When your mild cat becomes a wild cat: Managing play aggression in cats
You know it, because you’ve seen it: that look in your cat’s eyes right before he dive-bombs your ankles, cuffs your sleeve or bites your arm. He might appear to be enjoying a petting session, then suddenly grab your hand in his mouth; other times, he may charge you on the way to the bathroom. You may wonder, especially if biting or scratching is involved, if it’s in play or if your cat actually means to harm you. While each case is individual, the following methods may help restore calm to your human-feline relations:
- Make sure no one is encouraging rough play. Using hands or fingers to rough-house with cats teaches them that such things are acceptable playtoys. Never encourage your cat to jump on, cuff at or bite your hands and fingers, because he might get really good at it! Use appropriate toys such as “cat dancers” (plastic wands with feathers on the end), streamers or catnip toys as chasing/pouncing outlets.
- Don’t punish. This may sound like strange advice, but cats don’t generally respond well to physical or verbal punishment. Playful cats may interpret the reaction as a game and bite harder, while fearful or aggressive cats may think they are being attacked, and – you guessed it – bite harder. Bored cats may learn that such tactics are a successful way to get a reaction.
- Provide plenty of environmental enrichment. Cats in the wild cover a wide range of territory and spend large amounts of time – up to 6 hours – seeking food. Owners of busy/hyper cats need to approximate that hunting activity, especially if they are gone during the day. One method is to buy a food-dispensing toy (such as a Roll-a-Treat) and feed the cat’s meals exclusively from it. The cat can then spend his time rolling the toy around and eating each piece of kibble as it falls out, providing mental as well as physical stimulation. For cats that don’t like such toys, the owner can simply scatter kibble in various parts of the house. One warning: the cat may start searching for food where there is none, such as between sofa cushions, behind shelves, etc.
- Provide interactive play (as described above) at a set time, perhaps when the owner comes home. Play for the amount of time you choose (ex. From 6pm-7pm), then put the toys away and ignore the cat. If the cat “attacks” in an attempt to solicit attention, give him a time-out. While some owners may use a separate room, keep in mind that cats provide their own entertainment, and may view a time-out room as a reward, depending on the environment. If the cat is kept active in the manner described above, confine him instead to a pet carrier for a set time (ex. From 7pm-8pm). The cat may remain in the room, if the owner chooses, but without interaction. This is only fair if the cat is kept active during the day. If the cat starts to vocalize, don’t let him out until he is quiet.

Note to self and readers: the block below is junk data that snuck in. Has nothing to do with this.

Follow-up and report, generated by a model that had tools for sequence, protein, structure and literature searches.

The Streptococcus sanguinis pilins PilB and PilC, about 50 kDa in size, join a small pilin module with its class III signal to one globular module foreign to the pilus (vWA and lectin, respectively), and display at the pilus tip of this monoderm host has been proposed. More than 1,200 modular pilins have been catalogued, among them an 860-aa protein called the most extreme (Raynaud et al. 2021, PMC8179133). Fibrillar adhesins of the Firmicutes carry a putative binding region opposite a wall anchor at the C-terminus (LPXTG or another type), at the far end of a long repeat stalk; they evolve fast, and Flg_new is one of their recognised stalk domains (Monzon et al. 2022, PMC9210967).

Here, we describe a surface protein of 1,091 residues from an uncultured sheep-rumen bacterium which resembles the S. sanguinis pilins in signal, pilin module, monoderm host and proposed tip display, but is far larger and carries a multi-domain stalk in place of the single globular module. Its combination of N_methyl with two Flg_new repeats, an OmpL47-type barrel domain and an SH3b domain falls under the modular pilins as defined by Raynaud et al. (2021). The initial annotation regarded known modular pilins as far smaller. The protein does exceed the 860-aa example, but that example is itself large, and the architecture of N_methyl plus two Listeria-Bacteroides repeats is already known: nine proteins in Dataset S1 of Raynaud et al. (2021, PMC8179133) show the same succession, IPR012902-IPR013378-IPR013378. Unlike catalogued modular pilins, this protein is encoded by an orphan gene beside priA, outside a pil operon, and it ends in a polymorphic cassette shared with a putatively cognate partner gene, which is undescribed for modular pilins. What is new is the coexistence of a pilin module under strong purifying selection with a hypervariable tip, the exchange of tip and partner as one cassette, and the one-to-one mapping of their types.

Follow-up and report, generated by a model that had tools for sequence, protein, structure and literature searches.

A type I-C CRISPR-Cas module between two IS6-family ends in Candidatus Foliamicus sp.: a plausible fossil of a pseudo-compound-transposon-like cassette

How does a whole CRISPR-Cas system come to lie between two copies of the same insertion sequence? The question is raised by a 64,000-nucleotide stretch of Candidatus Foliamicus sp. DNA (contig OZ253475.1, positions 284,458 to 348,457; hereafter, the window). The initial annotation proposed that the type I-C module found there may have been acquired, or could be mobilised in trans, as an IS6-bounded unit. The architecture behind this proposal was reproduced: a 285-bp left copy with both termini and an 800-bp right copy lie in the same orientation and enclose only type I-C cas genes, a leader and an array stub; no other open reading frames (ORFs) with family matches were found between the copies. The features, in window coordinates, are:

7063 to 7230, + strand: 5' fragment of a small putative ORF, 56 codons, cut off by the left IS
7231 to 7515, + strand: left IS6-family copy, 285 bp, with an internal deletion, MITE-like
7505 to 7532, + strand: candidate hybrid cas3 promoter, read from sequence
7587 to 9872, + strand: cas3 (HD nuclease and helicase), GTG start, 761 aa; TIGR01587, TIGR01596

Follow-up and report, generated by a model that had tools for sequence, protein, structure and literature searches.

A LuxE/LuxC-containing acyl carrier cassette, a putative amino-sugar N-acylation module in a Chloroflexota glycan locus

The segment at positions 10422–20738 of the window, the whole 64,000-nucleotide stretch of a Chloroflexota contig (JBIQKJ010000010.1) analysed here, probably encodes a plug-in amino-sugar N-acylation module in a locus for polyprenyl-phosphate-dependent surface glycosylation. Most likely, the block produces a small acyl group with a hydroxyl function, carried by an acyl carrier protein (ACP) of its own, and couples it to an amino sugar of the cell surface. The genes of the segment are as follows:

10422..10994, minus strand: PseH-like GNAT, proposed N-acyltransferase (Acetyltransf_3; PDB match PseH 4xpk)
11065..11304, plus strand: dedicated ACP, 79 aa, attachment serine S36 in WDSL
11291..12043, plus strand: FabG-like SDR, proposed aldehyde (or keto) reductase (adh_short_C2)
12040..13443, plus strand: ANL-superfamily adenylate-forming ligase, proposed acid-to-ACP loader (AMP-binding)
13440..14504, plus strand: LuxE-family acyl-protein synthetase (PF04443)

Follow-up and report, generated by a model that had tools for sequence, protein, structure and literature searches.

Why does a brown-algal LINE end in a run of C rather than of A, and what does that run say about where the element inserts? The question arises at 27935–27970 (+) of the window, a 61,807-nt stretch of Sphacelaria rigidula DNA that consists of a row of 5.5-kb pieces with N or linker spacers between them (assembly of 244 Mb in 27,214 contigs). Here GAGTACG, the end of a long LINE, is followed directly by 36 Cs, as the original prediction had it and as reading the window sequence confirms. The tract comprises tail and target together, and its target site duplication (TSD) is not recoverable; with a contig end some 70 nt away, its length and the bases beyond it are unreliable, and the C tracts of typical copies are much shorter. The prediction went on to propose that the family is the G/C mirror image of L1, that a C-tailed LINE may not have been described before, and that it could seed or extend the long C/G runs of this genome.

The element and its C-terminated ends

- Rotate the cat’s toys. Keep them off the floor, take out 1-2 at a time, and put them away when the cat is done playing with them. This will prevent him becoming bored with them and provide further stimulation when the toys are out.
- Consider adding a second cat. Young, hyper cats sometimes benefit from a playmate with whom they can play hard and who may provide an education on appropriate cat-to-cat manners. Cats typically either pin each other down or “whap” each other without claws, and thus can communicate rules in a way that humans cannot. Note: Do not try to “act like a cat” in this way: if you do, your cat will either think it’s play or an attack. If you do add another cat, try to find one your cat’s age or slightly older, with preferably a less-reactive temperament. The sex of the second cat is up to you. For information on integrating a new pet and a resident pet, click here. Please note the following cautions: the new cat and the resident cat may not get along, the original problem may not be resolved, and getting a new cat will not teach the resident cat to be gentle with you.
- Try to stop interacting with the cat before he becomes aroused. If that “wild look” comes back when you are petting Fluffy, stop petting. If he is in your lap, stand up and let him jump off. This both keeps you safe and prevents the cat from interpreting a negative reaction (“OW! Stop it!!”) as an invitation to more play. If Fluffy has a history of charging when aroused, walk out of the room and shut the door for a few minutes.
- If the cat is already aroused, and attacking, try to do nothing. This is a lot harder than it sounds, and use your best judgment. Reacting to the behavior (yelling, swatting, moving around) reinforces it, even if the reaction is negative. Turn your back on the cat (if you’re not being attacked further) or leave the room if necessary. You can also redirect the cat to an appropriate toy, such as the interactive toys described above.
If the measures described in this flyer either do not reduce the behavior or seem to make it worse, a visit from a behavior specialist may be necessary. He or she can help you with a behavior modification plan and determine whether medication may be helpful as part of that plan.
Please call the AHS Training School for assistance with your cat or for a referral at 763-489-2217.
All information courtesy of Terri Derr, DVM, of Vet Behavior Options